UBC Theses and Dissertations
Multiobjective graph clustering with variable neighbourhood descent Naverniouk, Igor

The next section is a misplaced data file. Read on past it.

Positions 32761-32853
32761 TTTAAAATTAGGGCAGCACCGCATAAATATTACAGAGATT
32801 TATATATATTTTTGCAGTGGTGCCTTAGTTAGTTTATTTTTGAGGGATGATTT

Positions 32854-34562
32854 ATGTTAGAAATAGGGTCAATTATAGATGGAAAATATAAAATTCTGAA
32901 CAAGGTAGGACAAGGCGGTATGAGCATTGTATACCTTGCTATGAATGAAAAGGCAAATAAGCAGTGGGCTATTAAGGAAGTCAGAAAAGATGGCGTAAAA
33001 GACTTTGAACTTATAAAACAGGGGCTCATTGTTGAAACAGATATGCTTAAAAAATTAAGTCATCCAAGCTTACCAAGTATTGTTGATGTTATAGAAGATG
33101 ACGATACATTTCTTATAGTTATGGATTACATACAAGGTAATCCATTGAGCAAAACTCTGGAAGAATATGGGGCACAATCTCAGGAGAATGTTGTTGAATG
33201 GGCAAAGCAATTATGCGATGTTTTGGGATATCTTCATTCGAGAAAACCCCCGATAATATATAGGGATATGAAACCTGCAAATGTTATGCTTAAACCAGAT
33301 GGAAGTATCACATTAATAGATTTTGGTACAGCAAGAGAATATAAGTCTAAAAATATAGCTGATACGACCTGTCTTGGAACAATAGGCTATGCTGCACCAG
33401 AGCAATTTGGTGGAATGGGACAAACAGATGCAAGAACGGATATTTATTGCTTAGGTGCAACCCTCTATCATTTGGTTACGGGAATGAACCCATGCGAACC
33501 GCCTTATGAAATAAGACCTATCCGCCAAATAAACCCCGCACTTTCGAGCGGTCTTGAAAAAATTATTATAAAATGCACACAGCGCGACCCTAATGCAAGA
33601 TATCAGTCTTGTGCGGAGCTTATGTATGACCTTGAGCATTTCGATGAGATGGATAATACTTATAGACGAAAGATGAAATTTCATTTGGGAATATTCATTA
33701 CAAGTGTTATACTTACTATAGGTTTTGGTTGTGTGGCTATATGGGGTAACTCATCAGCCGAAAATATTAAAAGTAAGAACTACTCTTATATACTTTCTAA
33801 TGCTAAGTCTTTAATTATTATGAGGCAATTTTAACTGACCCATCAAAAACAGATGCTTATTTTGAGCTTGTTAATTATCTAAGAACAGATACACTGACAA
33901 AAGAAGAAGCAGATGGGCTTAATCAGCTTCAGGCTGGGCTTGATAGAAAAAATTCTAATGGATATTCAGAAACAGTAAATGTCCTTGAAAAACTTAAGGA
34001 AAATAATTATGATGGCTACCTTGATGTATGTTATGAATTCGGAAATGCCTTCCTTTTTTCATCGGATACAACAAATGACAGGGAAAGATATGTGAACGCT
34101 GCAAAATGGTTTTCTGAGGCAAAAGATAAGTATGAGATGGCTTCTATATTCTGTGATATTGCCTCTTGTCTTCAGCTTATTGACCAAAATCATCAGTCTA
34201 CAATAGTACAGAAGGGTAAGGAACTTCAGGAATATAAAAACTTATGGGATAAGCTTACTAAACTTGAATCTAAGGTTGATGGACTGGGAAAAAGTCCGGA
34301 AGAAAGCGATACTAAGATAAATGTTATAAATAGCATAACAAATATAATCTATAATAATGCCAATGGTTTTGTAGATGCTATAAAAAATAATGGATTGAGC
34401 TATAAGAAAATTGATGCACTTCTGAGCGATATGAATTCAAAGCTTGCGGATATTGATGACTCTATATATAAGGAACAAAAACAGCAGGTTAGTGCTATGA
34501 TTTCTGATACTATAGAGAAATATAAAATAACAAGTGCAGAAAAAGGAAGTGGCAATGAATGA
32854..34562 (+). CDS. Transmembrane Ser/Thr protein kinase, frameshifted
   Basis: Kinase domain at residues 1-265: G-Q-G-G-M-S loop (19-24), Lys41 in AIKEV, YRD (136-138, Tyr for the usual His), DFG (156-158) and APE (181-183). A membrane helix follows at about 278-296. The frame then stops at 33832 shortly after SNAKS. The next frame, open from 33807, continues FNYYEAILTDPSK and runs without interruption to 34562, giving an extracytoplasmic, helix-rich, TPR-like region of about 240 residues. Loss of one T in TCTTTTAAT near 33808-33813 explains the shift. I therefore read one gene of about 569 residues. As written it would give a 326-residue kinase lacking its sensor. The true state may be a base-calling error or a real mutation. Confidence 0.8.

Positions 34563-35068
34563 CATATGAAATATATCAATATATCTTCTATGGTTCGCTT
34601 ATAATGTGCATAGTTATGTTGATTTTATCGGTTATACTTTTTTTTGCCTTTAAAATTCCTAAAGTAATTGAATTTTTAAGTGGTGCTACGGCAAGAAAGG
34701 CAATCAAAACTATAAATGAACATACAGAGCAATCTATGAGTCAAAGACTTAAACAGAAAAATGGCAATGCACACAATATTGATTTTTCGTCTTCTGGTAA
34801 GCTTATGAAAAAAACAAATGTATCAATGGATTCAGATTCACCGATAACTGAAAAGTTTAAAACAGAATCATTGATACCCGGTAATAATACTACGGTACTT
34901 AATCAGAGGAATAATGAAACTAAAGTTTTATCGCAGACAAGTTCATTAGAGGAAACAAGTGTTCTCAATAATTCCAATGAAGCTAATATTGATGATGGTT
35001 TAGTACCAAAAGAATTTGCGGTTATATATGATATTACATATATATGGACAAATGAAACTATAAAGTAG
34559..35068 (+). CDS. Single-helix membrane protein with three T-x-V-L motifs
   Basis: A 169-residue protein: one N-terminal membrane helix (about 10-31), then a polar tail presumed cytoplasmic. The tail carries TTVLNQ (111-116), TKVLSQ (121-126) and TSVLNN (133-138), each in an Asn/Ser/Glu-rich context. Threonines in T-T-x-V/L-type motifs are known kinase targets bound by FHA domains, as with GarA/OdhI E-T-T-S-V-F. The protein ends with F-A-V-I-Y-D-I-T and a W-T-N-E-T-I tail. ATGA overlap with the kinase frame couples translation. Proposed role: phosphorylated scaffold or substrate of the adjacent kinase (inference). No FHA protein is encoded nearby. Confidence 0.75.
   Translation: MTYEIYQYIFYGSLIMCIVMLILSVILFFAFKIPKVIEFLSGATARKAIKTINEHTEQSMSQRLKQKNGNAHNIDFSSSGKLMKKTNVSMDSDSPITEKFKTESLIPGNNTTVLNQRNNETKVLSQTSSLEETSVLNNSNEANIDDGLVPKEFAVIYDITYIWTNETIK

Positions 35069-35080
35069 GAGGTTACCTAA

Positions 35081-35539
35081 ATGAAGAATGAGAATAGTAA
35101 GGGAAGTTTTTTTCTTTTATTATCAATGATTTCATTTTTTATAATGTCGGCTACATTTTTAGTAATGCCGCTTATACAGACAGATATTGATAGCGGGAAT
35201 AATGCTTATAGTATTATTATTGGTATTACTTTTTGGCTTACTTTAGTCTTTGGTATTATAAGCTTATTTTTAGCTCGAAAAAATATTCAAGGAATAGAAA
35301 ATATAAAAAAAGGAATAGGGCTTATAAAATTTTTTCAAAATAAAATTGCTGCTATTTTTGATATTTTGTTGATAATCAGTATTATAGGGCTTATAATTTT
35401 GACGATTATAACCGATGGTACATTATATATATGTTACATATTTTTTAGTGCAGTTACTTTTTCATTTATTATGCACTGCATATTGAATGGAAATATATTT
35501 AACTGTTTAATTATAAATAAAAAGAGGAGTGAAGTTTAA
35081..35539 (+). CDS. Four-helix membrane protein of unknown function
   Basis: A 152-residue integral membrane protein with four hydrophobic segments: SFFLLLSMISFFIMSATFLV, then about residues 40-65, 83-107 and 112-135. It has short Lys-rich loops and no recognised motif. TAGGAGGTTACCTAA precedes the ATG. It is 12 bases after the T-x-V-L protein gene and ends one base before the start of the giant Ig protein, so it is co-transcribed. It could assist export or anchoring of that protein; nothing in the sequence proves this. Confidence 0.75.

Graph clustering is a well-known combinatorial problem that appears in many different incarnations. The task is to partition the vertex set of a graph in order to minimize a given cost function. Clustering has applications in VLSI design, protein-protein interaction networks, data mining and many other areas. In the context of multiobjective optimization, we have more than one cost function, and instead of finding a single optimal solution, we are interested in a set of Pareto-optimal solutions. We present a multiobjective variable neighbourhood descent algorithm for this problem and its results on a collection of synthetic and real world data. On data sets that have a known "correct" clustering, our algorithm consistently finds interesting unsupported solutions (those that can not be found by any linear single-objective restriction of the problem), demonstrating a clear advantage of the multiobjective approach. Additionally, the shape of the Pareto front generated by the algorithm can give clues for the areas of the cost function space that contain non-trivial solutions. We compare our method to a single-objective clustering algorithm (RNSC, ) and a multiobjective algorithm (MOCK, ). On all data sets, our algorithm requires substantially longer CPU time, but produces higher quality results.
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